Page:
Enevate Silicon Anode Battery Brings Ultra-Fast, Safe Charging to EV

Advances in battery technology are beginning to become thinner and faster to charge, as large-scale investments in the battery sector begin to bear fruit,media reported. Enevate, from California, has been developing silicon anode technology since 2005, and now the company says it has not only succeeded in implementing a fast-charging solution for lithium-ion electric vehicle batteries, but also easily increased energy density.

Enevate Silicon Anode Battery Brings Ultra-Fast, Safe Charging to EV

The usual current lithium battery anodes are made of graphite. But Benjamin Park, founder and CEO of Enevate, says replacing it with silicon would not only increase the battery’s energy density by 25% in an instant, but also enable ultra-fast charging — but people will have to charge it by 400 percent. the fact that it will eventually lead to cracking and degradation of the battery surface. Such charging will cost the battery hundreds of cycles.

In response, Enevate proposed a solution that uses a hard, porous, conductive film with its own small silicon “balloon” inside each pore. This means that silicon can expand and contract at will without causing any cracking, without causing any cracking problems.

These features add about 30% of the energy density — up to 350 Wh/kg, extremely fast charging capacity — to the current technology – and can effectively charge the energy required for 400 km of range to the battery in 5 minutes. It’s not far from filling up the tank, and if the infrastructure is better, it’s going to be a game-changer.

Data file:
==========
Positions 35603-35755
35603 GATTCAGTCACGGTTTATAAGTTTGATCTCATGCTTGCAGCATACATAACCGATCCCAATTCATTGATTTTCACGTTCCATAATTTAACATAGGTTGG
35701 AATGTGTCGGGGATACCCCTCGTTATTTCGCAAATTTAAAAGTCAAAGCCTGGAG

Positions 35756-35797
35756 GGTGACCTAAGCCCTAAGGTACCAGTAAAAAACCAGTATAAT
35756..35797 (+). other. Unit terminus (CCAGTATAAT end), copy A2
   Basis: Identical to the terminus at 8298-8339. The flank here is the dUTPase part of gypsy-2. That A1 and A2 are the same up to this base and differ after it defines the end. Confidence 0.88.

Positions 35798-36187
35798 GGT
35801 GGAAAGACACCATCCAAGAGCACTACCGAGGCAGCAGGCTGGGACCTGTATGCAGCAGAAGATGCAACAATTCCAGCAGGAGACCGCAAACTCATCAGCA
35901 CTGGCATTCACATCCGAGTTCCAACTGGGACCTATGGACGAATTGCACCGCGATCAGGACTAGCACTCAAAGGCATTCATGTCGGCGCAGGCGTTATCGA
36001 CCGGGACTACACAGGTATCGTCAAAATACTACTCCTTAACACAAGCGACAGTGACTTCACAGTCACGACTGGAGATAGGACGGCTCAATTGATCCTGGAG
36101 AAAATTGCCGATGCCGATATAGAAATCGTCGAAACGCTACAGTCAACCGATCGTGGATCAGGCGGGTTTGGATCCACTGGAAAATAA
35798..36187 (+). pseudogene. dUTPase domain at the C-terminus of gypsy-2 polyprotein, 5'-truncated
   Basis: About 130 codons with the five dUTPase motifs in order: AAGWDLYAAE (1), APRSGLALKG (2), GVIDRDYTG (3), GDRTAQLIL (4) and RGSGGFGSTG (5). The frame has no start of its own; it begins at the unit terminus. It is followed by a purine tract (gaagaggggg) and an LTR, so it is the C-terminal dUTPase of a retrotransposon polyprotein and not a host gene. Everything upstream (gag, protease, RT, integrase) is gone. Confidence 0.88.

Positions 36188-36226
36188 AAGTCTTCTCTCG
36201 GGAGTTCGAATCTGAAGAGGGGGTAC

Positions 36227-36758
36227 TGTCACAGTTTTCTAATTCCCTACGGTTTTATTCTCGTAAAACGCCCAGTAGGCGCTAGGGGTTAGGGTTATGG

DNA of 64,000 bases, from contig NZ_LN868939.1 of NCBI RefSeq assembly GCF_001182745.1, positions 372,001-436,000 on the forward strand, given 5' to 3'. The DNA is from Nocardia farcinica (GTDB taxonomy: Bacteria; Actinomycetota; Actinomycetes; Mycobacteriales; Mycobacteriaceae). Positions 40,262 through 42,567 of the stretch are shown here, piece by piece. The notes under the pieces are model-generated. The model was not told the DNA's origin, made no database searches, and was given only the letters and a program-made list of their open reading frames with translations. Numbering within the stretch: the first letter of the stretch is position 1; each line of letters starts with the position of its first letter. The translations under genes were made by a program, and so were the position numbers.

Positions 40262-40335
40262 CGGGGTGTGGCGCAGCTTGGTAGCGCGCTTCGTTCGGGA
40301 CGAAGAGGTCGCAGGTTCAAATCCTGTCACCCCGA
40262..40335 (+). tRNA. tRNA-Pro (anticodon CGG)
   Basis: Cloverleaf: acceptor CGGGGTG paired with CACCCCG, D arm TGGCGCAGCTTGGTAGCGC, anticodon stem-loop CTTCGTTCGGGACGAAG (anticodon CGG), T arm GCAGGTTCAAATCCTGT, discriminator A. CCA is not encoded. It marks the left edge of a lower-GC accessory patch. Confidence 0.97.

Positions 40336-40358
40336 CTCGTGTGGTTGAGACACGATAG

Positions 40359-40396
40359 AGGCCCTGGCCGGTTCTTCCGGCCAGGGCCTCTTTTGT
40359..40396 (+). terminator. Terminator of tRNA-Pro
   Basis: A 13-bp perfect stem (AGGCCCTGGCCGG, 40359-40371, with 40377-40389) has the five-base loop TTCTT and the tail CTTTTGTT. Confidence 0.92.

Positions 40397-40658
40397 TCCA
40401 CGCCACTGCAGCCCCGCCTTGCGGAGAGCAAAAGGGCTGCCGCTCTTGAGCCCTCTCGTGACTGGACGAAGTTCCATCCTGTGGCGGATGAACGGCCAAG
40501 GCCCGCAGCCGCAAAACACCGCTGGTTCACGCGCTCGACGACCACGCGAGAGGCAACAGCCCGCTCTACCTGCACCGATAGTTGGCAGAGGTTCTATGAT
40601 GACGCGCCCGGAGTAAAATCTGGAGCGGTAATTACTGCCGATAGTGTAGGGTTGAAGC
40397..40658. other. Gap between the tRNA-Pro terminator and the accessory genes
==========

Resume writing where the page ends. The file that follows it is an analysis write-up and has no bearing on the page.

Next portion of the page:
In addition, the battery can be well charged at temperatures well below freezing, which is difficult for other lithium batteries to do. ‘Its electrodes are not affected by lithium deposition, which we know can cause dangerous dendrites to form, which can cause the battery to short-circuit and catch fire,’ Says Enevate. As a result, they also seem to be safer than the batteries people use today.

Several big companies, including LG, Samsung, Mitsubishi, Renault and Nissan, have invested $111 million in the technology, and Enevate says its batteries are now ready for the big times. Park disclosed in an interview that Enevate is designing battery packs for models 2024 and 2025 to allow its batteries to enter the consumer products of major manufacturers. It is unclear who or for what purpose they will produce the batteries, but it is believed the investors above may be among them.